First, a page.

IRDR talked with Kathleen Tierney on the sidelines of the 40th annual Natural Hazard Workshop (NHW – see news 21 July) – a meeting which, like its parent the Natural Hazards Center and IRDR itself, was conceived to transcend research’s disciplinary boundaries and the policy / praxis divide. Over the last 40 years, the Workshop has become an essential meeting for new research ideas and to see research in practice.
The University of Colorado’s Natural Hazards Center is a relatively new IRDR National Committee (NC); it joined the IRDR family of NCs in November 2013 and is the only one that operates as a center of centers. It convenes 12 disaster research centers around the US to facilitate center directors talking about strategy and aligning messaging. Since 1976, the NHC has served as a national and international clearinghouse of knowledge concerning the social science and policy aspects of disasters. It houses a physical library and publishes the bi-monthly Natural Hazards Observer and a bi-weekly Disaster Research (both free online).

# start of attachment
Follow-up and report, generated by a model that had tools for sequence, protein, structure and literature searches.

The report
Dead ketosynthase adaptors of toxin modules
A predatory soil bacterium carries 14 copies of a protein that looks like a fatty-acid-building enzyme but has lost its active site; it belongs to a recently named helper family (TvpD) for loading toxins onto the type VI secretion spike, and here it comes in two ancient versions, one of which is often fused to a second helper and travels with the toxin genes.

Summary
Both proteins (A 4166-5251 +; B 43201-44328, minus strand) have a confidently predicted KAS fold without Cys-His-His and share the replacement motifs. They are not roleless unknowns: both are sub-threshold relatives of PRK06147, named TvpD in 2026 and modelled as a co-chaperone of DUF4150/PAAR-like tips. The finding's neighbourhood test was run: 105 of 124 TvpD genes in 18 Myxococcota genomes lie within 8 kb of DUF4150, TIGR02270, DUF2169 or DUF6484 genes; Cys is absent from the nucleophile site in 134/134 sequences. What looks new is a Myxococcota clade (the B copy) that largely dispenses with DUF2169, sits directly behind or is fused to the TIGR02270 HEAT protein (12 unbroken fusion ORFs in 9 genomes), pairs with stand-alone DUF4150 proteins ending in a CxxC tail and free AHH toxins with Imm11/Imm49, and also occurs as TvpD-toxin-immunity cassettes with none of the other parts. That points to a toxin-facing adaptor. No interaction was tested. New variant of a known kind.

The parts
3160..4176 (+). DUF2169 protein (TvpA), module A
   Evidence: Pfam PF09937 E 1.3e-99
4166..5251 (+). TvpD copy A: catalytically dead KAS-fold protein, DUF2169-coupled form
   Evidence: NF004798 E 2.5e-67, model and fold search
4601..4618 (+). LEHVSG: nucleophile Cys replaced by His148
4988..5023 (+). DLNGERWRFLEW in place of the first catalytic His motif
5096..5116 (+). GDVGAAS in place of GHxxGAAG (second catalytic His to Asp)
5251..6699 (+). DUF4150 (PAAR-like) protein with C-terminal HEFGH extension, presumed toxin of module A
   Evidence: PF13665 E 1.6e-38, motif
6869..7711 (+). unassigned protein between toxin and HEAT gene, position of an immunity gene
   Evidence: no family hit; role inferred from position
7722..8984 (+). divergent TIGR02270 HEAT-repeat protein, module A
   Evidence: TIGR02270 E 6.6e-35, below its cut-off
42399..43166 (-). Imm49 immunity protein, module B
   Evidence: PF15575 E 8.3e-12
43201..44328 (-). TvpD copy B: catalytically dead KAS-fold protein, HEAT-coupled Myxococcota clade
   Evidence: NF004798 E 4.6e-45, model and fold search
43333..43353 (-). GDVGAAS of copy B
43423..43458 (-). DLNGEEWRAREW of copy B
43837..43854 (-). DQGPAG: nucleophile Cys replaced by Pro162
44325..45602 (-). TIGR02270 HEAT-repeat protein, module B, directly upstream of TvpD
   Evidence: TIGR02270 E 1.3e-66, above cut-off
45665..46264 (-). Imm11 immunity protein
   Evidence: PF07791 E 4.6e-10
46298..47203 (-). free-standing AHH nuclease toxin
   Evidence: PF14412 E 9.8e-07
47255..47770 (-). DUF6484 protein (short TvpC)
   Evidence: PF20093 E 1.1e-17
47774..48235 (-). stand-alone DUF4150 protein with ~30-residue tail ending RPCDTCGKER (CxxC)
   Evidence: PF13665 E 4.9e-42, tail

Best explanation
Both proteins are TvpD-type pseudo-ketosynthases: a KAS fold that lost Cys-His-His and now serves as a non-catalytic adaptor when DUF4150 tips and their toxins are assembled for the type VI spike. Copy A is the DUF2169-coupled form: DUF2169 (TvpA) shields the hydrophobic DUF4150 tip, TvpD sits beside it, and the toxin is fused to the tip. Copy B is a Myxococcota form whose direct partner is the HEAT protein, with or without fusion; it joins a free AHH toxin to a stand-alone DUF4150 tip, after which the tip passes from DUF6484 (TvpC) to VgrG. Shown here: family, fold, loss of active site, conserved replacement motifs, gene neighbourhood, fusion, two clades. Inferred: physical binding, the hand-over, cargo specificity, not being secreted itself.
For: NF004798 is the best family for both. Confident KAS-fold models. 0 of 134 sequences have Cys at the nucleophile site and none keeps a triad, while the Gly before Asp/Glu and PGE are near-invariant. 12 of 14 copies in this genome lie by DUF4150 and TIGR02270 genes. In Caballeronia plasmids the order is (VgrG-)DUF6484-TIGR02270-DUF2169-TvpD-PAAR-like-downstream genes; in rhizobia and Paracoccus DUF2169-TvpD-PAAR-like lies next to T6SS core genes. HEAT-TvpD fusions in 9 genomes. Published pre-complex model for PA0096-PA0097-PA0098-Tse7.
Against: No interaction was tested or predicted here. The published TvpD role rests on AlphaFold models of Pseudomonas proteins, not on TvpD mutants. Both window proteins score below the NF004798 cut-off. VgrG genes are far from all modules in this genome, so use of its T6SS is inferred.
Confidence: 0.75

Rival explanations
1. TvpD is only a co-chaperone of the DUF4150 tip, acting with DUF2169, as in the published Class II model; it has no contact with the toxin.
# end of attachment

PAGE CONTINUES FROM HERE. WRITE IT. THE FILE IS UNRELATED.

Joining the IRDR family enables the Center’s entry into a global network and encourages cross sharing and dissemination of innovative science happening in the US and around the globe. National Committees are invited to the bi-annual meetings of the IRDR Scientific Committee where ideas and experiences are shared.
Tierney has led the NHC since 2003 and is both an academic (Professor of Sociology) and a practitioner. Her research focuses on the social dimensions of hazards and disasters, including natural, technological, and human-induced extreme events. Her 2014 book, The Social Roots of Risk: Producing Disasters, Promoting Resilience argues that disasters are socially produced and socially constituted and that resilience is a result of existing social characteristics and arrangements that are adaptive and thus resilient to harm in the face of natural catastrophe.